CD Designs Blog

    Mineral powders to reduce carbon emissions?

    Mineral powders

    We are always looking for more environmentally friendly ways to work, and a recent dissertation by Johanna Tikkanen of the Aalto University School of Engineering near Helsinki in Finland, could lead to big developments in the future.

    The idea of the paper was to study how different mineral powders could be used as replacements for the cement, the creation of which is one of the main contributors to the amount of CO2 emitted during the manufacturing process. Replacing or simply reducing the amount of cement in the concrete will lower the amount of CO2 used significantly, and will also reduce the cost of manufacturing. Mineral powders can also be used to reduce the water requirements of concrete, further adding to the economic and environmental benefits.

    Obviously, the properties of the cement will have to remain roughly the same, so that the concrete can be used in the same processes as before, but if it can be perfected, then concrete production will be greener than ever before.

    Concrete Furnishings

    A concrete couch designed by

    A concrete couch designed by Tina Rugelj (

    In the mid-20th century, concrete became unfashionable due to its extensive use on large housing projects and tower blocks. However, new techniques and imaginitive designers are giving the material a new lease of life.

    Souda, a New York City-based design studio, has been experimenting with all kinds of concrete structures, including furniture. “In a lot of design, concrete is still used in a blocky way. But it is a fluid material from which we can now make any sort of three-dimensional shape,” said Isaac Friedman-Heiman, one of the co-founders of the company. Traditionally concrete is mixed with gravel and sand, but high-tech materials like fibreglass and steel-reinforced microfibres have allowed the designers to create almost anything they can imagine.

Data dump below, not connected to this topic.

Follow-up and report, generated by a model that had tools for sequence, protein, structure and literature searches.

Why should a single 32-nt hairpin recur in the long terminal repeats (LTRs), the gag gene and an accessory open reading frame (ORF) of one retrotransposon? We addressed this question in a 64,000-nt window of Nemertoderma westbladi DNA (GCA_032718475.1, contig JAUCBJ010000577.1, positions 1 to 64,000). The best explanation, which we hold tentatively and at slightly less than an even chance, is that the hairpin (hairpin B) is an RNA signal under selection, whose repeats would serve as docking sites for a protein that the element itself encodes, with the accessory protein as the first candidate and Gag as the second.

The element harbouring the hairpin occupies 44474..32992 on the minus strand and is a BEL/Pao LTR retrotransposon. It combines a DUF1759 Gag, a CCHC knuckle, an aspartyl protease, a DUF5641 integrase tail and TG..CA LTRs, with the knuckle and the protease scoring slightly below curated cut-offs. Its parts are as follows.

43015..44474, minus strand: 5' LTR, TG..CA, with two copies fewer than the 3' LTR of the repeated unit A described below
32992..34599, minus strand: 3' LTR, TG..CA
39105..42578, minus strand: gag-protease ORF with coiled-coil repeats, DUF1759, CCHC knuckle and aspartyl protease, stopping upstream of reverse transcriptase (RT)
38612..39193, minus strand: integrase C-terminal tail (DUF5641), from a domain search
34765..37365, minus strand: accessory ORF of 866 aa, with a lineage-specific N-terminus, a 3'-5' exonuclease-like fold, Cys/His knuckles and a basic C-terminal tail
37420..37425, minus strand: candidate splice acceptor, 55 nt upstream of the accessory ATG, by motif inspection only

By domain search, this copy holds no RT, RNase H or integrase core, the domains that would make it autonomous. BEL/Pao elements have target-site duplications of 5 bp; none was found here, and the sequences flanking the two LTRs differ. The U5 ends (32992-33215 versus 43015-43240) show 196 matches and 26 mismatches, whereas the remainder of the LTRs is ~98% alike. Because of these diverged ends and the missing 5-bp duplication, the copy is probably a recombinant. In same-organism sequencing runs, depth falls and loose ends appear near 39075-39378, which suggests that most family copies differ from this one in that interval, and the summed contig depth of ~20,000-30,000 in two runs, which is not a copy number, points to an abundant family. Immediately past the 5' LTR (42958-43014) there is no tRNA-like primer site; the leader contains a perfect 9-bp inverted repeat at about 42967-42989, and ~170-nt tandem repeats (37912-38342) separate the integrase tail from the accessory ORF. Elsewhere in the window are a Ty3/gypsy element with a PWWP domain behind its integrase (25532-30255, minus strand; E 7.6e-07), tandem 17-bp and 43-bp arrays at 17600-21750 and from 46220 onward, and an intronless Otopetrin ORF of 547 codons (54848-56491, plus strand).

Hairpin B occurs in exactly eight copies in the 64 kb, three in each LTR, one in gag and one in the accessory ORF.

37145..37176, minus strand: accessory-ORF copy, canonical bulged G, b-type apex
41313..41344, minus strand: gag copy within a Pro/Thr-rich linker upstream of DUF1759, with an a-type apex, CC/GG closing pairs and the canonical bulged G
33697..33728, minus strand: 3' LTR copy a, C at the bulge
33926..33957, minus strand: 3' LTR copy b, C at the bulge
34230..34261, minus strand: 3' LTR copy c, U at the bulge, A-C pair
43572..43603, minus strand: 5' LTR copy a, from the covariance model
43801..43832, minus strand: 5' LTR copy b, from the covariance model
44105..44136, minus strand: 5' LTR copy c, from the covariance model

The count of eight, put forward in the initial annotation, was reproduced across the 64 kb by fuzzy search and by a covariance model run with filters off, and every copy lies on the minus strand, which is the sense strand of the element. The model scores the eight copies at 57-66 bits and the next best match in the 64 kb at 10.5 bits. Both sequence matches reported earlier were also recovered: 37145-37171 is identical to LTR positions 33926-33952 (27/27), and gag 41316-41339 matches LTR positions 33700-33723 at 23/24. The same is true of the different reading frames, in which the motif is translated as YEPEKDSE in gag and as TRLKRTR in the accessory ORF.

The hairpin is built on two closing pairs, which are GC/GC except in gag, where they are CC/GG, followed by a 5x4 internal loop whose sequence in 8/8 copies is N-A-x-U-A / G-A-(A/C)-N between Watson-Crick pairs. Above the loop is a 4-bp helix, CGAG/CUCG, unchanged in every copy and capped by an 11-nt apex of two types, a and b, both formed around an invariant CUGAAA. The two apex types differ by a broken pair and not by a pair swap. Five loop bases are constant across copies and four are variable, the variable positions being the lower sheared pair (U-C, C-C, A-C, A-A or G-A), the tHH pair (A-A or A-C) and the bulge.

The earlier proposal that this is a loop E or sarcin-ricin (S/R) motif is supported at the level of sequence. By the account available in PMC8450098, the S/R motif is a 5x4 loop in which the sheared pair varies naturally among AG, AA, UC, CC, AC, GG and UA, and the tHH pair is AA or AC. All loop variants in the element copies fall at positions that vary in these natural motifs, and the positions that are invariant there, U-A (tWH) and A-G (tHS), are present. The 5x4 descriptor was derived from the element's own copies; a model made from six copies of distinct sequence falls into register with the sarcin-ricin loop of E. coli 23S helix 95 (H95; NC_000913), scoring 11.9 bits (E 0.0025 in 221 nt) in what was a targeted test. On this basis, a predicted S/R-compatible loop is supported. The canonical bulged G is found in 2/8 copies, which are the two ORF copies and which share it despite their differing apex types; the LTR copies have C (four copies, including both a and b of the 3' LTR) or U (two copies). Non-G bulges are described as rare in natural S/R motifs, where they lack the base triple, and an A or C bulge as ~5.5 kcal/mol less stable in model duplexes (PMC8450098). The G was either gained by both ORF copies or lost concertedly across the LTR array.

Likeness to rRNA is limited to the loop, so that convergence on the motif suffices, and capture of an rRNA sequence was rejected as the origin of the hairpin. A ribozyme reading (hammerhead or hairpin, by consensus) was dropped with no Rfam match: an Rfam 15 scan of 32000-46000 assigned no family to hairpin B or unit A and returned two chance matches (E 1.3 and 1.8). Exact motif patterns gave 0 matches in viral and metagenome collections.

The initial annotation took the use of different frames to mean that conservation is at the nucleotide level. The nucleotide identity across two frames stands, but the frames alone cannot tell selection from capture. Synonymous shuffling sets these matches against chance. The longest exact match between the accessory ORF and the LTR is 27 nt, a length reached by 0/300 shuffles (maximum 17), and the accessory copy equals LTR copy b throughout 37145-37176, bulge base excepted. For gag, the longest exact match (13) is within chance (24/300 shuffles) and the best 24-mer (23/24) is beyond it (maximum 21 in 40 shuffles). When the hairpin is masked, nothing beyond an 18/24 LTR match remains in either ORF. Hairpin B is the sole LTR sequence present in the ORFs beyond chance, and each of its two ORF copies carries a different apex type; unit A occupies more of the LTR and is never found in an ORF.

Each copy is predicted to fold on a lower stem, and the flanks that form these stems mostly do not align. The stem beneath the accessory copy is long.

Concrete seater designed by Tina Gru

    Concrete seater designed by Tina Rugelj (

    Tina Rugelj, a Slovenian architect, has been researching concrete furniture techniques for several years. Her collection of fibre-reinforced concrete outdoor furniture was presented in Milan last year. “While designing this collection, I wanted to use all of the potential of the material: its extreme thinness (the thickness of my product varies between 10mm and 16mm); lightness (from 9kg to 56kg); the way it can bend; and its weather resistance, both to cold and to heat.”The techniques used are still largely experimental, but as designers gain more experience with the material, we may see it becoming a large part of our home furnishings in the future.

    See the original article from here.

    World Of Concrete 2013

    The latest World Of Concrete convention is due to take place next week at the Las Vegas Convention Center in Las Vegas, Nevada. The event begins on the 5th of February and ends on the 8th, with seminars starting a day earlier on February 4th. It claims to be the concrete industry’s only annual international event, and is “dedicated to the commercial concrete and masonry construction industries showcasing leading industry suppliers featuring innovative products, construction machinery, construction equipment, safety training courses and training, technologies and unlimited networking opportunities to give you new ways to sustain and grow your business”.